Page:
It’s All in the Timing (or How I Learned to Love Bob Dylan and Peter Rowan)
In my case, I have to say that one of the most important factors is timing. Not rhythmic timing, of course, put the timing in one’s life. One’s maturity, exposure to ideas, non-musical preoccupations, personal relationships, and general emotional state probably influence their tastes in music as much as any innate or cultural predisposition. While many from my generation (Gen. X) probably discovered Dylan sometime between the ages of fifteen and twenty, it took me until my early thirties to even own a Dylan album. I just didn’t care about the guy. I found him boring. I figured I’d heard enough Dylan through general pop culture that it wasn’t necessary to seek out more on my own. As a young person I preferred the snide weirdness of Frank Zappa, assertive political punk bands like Fugazi, or aggressive hip hop like Public Enemy. What the hell did I care about some nasally songwriter from the 60’s and 70’s playing folk music on an acoustic guitar? Just the idea put me to sleep. The timing was simply all wrong for me to appreciate Dylan.
Somehow or another, shortly after high school graduation in 1991, I attended a few Greatful Dead shows for my senior “trip” (pun intended). While I wasn’t really interested in the Dead, they did help me discover Phish. I really, really liked Phish and their debut album, Junta. (Though I don’t listen to Phish much these days, that album holds a special place in my heart.) Phish was a gateway drug for me. They taught me how to intently listen to the interplay between instruments, the beauty of improvisation, and an appreciation of music for music’s sake (as opposed to political and social identity with a good beat.) It wasn’t too long before I was getting into Miles Davis, John Coltrane, Charles Mingus, and others. I was also getting into bluegrass, too, and appreciating the improvisation and interplay between the string instruments most familiar to my Nashville-bred ears. Somehow or another, Bill Monroe’s Bean Blossom compilation eventually made it’s way into my hands. I heard that, and suddenly everything came together. The country music heritage I grew up trying to shake off was now a source of pride. I was amazed at how easily the music came to me. I could dance better to this music (though still in a manner painful for onlookers to witness). As a mediocre amateur musician, the rhythms and melodies of this music came easier, even to the point of frustration when my intended jazz riffs came off more down home than uptown. I had been soaking this music up my entire life but the timing had not been right until early adulthood for me to appreciate it. The music of my roots had to be framed in the proper context, and I had to have a certain level of experience and maturity to embrace it.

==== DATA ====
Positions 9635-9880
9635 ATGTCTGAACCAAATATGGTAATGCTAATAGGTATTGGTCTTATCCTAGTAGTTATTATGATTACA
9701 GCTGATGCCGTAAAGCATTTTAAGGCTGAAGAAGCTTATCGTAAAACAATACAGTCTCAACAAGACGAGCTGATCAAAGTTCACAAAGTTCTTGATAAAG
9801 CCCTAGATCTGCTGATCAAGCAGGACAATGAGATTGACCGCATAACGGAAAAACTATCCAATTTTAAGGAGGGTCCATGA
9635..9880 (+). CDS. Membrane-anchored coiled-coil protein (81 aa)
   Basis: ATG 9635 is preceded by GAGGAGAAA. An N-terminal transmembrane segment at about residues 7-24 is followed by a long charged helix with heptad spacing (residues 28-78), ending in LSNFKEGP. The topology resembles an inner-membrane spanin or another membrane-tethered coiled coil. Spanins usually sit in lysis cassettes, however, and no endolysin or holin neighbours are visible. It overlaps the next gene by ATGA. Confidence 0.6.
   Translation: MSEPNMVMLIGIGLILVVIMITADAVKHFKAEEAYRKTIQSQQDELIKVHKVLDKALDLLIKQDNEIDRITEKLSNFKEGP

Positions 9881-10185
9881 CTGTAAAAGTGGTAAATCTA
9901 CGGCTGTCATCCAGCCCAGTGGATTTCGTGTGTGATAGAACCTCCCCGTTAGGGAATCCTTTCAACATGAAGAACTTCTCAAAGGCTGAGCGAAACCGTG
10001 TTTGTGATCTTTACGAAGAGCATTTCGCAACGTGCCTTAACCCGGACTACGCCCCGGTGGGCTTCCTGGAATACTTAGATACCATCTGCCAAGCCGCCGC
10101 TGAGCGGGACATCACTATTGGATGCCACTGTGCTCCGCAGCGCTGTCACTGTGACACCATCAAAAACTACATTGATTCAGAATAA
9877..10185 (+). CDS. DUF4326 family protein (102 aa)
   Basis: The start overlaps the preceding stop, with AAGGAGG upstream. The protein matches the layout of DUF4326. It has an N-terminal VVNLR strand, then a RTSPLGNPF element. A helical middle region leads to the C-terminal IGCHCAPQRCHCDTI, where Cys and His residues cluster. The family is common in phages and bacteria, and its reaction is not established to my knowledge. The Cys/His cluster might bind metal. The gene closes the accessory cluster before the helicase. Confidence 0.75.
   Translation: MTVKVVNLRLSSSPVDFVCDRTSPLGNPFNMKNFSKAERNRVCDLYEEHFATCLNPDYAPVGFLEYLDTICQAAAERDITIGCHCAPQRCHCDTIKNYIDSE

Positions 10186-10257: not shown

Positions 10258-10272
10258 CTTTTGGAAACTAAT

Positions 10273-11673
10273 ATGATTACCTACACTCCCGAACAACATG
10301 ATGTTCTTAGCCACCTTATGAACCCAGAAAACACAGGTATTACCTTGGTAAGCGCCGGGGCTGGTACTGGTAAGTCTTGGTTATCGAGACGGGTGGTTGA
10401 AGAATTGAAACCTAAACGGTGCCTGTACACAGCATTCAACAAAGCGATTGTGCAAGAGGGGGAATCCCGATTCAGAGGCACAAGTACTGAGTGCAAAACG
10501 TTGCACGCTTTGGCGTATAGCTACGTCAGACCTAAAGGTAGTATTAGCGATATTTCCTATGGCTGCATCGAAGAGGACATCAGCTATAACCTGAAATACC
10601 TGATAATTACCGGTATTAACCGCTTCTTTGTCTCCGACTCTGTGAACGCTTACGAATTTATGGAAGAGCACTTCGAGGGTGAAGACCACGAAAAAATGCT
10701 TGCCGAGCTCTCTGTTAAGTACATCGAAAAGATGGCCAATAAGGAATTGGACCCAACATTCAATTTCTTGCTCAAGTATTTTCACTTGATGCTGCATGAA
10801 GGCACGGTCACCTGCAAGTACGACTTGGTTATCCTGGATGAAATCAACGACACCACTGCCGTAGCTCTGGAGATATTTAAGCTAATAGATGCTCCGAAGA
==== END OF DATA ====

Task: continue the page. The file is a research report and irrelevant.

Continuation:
Dustin Ogdin is a freelance writer and journalist based in Nashville, TN. His work has been featured by MTV News, the Associated Press, and various other stops in the vast environs of the world wide web. His personal blog and home base is Ear•Tyme Music. Click below to read more and network with Dustin.